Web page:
responsive to an access-related request related to said given initiator and to a target being associated with said logical unit, generating a first value with the help of a secret key, wherein said secret key is available to said target and wherein said first value is generated externally to said target and said given initiator;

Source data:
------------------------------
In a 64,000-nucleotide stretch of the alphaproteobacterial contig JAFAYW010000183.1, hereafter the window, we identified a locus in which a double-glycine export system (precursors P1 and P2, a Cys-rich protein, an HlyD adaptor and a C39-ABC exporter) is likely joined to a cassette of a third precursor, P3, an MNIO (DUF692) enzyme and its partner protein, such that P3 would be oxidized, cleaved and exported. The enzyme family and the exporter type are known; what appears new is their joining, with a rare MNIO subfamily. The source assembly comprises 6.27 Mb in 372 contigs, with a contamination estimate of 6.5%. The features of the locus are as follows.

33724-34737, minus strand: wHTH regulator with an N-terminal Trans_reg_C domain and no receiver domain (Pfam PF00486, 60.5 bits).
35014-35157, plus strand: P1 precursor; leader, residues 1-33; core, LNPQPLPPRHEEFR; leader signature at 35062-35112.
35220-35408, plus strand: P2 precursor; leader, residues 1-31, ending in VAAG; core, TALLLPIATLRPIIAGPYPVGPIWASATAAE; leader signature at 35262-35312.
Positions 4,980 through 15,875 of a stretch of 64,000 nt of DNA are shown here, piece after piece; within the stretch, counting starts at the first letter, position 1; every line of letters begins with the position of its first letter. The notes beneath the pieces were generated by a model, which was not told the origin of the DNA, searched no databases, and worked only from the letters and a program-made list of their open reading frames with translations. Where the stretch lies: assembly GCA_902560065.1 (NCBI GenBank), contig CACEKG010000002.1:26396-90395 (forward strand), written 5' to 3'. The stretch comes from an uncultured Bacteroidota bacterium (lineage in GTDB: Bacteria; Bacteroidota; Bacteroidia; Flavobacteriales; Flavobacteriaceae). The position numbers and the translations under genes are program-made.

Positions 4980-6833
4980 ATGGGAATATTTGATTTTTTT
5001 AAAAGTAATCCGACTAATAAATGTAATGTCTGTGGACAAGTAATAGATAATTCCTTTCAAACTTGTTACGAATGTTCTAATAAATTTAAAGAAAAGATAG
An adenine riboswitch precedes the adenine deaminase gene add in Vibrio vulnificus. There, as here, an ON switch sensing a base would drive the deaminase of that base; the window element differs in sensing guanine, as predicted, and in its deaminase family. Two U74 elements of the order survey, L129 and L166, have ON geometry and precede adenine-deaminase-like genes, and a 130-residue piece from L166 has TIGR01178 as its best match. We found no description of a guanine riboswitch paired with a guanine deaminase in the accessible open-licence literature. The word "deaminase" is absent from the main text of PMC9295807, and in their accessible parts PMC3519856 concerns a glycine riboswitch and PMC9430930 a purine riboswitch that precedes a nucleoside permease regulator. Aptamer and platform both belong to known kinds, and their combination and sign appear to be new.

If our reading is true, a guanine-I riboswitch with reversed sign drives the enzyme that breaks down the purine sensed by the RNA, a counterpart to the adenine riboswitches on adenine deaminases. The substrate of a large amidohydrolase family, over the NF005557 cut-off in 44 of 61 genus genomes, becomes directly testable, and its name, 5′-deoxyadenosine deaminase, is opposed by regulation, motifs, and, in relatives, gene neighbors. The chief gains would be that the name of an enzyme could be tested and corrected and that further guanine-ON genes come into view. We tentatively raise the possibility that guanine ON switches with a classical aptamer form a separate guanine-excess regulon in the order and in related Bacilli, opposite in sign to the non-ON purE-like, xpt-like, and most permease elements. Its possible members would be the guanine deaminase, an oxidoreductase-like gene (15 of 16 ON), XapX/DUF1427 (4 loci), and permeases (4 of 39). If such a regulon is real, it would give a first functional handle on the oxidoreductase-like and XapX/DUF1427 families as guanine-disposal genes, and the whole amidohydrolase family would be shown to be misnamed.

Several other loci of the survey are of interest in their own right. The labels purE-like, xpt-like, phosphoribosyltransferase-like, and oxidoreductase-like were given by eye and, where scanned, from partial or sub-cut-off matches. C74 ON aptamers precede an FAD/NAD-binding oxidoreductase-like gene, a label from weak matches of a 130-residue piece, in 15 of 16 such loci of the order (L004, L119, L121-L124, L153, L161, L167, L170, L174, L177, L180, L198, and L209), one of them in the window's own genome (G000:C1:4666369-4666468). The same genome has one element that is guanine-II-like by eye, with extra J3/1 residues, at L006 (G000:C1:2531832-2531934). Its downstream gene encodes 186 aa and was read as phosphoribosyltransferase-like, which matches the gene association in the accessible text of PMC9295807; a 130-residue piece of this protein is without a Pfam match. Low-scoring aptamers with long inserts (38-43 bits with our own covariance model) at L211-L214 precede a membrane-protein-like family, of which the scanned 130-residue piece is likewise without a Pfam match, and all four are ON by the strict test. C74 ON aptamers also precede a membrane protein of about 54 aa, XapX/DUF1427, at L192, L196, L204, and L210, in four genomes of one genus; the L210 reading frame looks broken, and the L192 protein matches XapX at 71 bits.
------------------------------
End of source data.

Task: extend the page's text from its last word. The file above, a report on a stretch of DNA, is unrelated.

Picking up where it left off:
sending said first value to a first host associated with said given initiator;
in response to the sending of said first value, receiving by said target, from a second host associated with a second initiator: (i) a second value, generated based on said first value and (ii) a third value indicating that the second value has been sent by the second host that is different from the first host;
validating by said target the received second value with the help of said secret key and said third value; and
allowing the respective access in case said second value is validated.